The way the Bible describes leaders is clearly intended to contrast with the prevailing secular notions. Thus far, we have examined two of the three primary biblical leadership metaphors: steward (one with a sacred obligation to exercise oversight on behalf of another) and servant (a person who declines pursuit of status and privilege and sacrifices himself for the welfare of those over whom he has charge). Given human nature and history, it is no surprise that a privilege and entitlement notion of leadership proves difficult for Jesus to dislodge among even His closest disciples.
An elusive concept
Though the disciples’ overt campaigning may have subsided following Jesus’ Matthew 18 discourse on servant leadership, it persisted in perhaps more subtle and insidious ways. Sequestered with His future kingdom leadership core to celebrate the Passover meal on the night before His betrayal, Jesus observed that no one took upon himself the menial hospitality ritual of foot washing. Given the weight of the occasion and the urgency of the final revelations to be made that night, you or I might have been inclined to minimize and rationalize this relatively insignificant omission.
This calls for an intervention
Jesus took a different view. This was no mere social slight. It exposed the root of an attitude that, if not confronted, would corrupt the entire Gospel enterprise. Indeed, it has corrupted a good deal of what passes for Christianity right up to the present. John tells us (Jn. 13:3-4) that, with full knowledge of his regal identity and destiny, Jesus ceremoniously arose from the table, girded himself with a towel, filled a water basin, and performed the stinky service. This provoked the predictable reaction of horror, shame, and insensibility—and afforded the teachable moment Jesus sought. He declared, “Now that I, your Lord and Teacher, have washed your feet, you should also wash one another’s feet” (Jn. 13:14).
There’s nothing like a picture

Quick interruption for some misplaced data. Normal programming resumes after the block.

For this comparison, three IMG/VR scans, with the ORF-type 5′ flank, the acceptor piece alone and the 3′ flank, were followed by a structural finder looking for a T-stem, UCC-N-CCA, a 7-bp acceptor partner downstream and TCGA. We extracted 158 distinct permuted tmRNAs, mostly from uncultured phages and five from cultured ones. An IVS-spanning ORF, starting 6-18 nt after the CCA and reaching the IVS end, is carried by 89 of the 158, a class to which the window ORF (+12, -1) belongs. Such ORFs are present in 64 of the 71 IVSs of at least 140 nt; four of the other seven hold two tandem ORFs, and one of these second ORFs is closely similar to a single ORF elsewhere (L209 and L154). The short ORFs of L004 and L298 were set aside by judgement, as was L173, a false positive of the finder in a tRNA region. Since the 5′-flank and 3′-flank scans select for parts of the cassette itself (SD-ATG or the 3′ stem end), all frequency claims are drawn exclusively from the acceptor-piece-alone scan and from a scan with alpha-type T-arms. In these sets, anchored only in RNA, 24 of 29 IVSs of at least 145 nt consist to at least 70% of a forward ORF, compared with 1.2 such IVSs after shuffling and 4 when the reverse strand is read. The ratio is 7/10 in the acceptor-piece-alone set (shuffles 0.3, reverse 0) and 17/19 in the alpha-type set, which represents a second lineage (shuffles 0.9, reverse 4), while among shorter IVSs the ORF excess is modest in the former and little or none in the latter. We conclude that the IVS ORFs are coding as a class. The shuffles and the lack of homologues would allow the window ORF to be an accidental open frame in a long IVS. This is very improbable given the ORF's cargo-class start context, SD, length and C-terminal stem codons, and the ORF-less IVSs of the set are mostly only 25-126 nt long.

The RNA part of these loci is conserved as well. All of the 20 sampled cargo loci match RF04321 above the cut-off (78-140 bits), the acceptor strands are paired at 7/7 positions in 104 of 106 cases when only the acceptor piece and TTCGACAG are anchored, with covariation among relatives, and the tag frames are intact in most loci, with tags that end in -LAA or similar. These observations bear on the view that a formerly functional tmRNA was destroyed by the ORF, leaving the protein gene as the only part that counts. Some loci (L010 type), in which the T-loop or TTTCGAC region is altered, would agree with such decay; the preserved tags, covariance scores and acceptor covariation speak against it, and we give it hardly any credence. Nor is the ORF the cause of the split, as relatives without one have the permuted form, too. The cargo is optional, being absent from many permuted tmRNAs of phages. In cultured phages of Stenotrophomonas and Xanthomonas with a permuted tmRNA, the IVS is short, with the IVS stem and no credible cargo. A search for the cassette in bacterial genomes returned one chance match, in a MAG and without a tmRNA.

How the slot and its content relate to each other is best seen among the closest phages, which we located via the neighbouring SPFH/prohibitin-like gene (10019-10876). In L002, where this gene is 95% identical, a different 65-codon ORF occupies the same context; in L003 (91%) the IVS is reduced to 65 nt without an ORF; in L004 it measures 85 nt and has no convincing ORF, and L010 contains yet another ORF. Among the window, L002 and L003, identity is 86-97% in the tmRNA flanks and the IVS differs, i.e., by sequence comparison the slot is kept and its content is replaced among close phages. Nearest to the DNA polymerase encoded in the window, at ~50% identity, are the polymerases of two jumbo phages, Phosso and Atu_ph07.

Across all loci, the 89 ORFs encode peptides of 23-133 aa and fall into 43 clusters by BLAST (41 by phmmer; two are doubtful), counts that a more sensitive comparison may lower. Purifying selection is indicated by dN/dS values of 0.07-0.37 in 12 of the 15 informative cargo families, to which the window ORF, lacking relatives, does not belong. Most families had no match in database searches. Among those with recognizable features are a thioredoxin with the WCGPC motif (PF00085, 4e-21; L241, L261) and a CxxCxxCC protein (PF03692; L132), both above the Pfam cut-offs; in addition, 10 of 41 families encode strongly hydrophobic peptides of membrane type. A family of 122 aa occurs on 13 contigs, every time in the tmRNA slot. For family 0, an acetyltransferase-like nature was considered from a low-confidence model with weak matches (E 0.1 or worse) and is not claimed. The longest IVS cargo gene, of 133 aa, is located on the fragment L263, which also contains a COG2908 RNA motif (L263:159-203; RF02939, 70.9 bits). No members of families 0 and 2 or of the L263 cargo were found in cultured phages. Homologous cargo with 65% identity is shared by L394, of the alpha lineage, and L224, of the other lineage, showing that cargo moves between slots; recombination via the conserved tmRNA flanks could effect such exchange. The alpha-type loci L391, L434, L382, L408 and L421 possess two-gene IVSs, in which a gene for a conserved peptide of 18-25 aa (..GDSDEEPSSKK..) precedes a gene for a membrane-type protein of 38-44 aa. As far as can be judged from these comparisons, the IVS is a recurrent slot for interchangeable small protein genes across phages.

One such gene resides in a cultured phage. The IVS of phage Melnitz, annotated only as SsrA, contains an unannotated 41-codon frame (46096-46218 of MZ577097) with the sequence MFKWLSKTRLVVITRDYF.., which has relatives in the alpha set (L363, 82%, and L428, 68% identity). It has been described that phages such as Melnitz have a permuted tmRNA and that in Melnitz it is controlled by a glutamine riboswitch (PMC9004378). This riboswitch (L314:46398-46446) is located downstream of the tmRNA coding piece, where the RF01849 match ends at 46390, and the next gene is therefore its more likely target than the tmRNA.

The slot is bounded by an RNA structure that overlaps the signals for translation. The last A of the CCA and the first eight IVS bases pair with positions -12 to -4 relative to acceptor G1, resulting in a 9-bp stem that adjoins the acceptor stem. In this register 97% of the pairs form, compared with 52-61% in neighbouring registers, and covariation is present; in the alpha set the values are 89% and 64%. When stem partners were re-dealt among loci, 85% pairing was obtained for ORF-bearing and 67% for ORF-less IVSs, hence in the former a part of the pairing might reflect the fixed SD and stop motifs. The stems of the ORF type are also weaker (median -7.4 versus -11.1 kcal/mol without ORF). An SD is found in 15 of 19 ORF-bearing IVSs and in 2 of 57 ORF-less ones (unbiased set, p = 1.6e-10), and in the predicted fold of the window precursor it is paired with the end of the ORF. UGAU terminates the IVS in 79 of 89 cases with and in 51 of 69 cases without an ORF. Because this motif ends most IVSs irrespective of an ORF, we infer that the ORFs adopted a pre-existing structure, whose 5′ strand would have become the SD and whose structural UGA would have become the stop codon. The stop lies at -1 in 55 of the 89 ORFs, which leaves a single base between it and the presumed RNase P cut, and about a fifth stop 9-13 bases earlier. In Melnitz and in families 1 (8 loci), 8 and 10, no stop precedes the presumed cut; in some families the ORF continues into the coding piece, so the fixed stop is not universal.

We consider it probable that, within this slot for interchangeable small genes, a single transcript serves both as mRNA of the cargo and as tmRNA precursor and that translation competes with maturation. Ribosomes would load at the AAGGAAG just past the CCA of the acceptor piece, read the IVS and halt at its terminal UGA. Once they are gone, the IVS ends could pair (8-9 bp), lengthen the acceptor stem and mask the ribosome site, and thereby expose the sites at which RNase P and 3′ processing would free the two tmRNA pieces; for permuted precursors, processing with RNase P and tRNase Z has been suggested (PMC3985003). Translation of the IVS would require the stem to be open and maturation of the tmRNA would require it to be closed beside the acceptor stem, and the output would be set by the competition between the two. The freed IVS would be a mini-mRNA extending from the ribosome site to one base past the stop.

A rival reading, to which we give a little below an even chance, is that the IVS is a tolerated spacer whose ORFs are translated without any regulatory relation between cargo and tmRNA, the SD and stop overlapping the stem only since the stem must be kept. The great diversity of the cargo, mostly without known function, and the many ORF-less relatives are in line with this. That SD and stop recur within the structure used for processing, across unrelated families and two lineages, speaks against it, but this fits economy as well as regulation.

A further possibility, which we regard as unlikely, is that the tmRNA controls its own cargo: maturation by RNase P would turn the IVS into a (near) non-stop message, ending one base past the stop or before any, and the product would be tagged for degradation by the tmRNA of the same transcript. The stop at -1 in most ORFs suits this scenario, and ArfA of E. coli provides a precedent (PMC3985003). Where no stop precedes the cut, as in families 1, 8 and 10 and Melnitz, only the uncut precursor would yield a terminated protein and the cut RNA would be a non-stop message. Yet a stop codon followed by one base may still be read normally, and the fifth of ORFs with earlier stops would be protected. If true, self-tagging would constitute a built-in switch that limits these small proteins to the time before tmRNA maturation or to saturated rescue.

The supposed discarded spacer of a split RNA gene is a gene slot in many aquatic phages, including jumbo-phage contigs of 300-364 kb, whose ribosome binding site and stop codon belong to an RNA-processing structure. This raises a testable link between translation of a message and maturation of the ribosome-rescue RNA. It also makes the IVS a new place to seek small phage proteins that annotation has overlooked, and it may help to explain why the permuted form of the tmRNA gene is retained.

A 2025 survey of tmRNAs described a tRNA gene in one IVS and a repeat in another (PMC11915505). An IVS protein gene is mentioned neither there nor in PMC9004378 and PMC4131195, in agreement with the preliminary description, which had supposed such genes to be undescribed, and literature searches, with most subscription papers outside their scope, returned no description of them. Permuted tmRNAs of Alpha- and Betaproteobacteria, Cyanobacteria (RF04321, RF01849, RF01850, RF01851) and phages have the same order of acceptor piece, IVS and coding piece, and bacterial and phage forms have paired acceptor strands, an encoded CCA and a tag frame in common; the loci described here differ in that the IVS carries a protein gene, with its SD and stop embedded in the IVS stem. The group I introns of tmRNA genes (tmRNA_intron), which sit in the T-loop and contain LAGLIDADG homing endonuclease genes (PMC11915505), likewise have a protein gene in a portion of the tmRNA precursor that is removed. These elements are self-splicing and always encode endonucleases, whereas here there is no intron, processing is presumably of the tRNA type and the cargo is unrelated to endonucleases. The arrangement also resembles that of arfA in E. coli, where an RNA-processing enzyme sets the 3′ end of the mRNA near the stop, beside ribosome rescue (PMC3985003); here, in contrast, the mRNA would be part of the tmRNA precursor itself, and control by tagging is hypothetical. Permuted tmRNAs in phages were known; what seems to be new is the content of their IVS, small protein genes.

In writing to the Philippians, among whom were apparently many vestiges of pagan relational and leadership patterns, the Apostle Paul reveals that Jesus’ countercultural, upside down leadership values were communicated not merely by exhortation but most of all by example. In Philippians 2:1-11, Paul reveals that the Second Person of the Trinity, co-equal and co-eternal with the Father and Spirit, took up the demeanor of a bond-servant, voluntarily waived His right to the free exercise of His divine prerogatives, and humbly submitted Himself to the powerlessness of a humiliating criminal execution.
Forfeiture: path to inheritance
What did becoming a servant entail for Jesus? It meant relinquishing His rights, rank, and reputation. Most leaders—I fear even too many Christian leaders—act as if those are precisely the things to which a leader is entitled. They are considered the rewards of “service.” There are rewards for service. But Scripture instructs us that God’s kingdom leaders should reckon that they come in proportion to the forfeit of rights, rank, and reputation. Note that instead of forfeiting His reward, Jesus’ submission to suffering was the path to His inheritance of it.
*Note: This post is excerpted from my 2013 book, The Leader’s Palette: Seven Primary Colors
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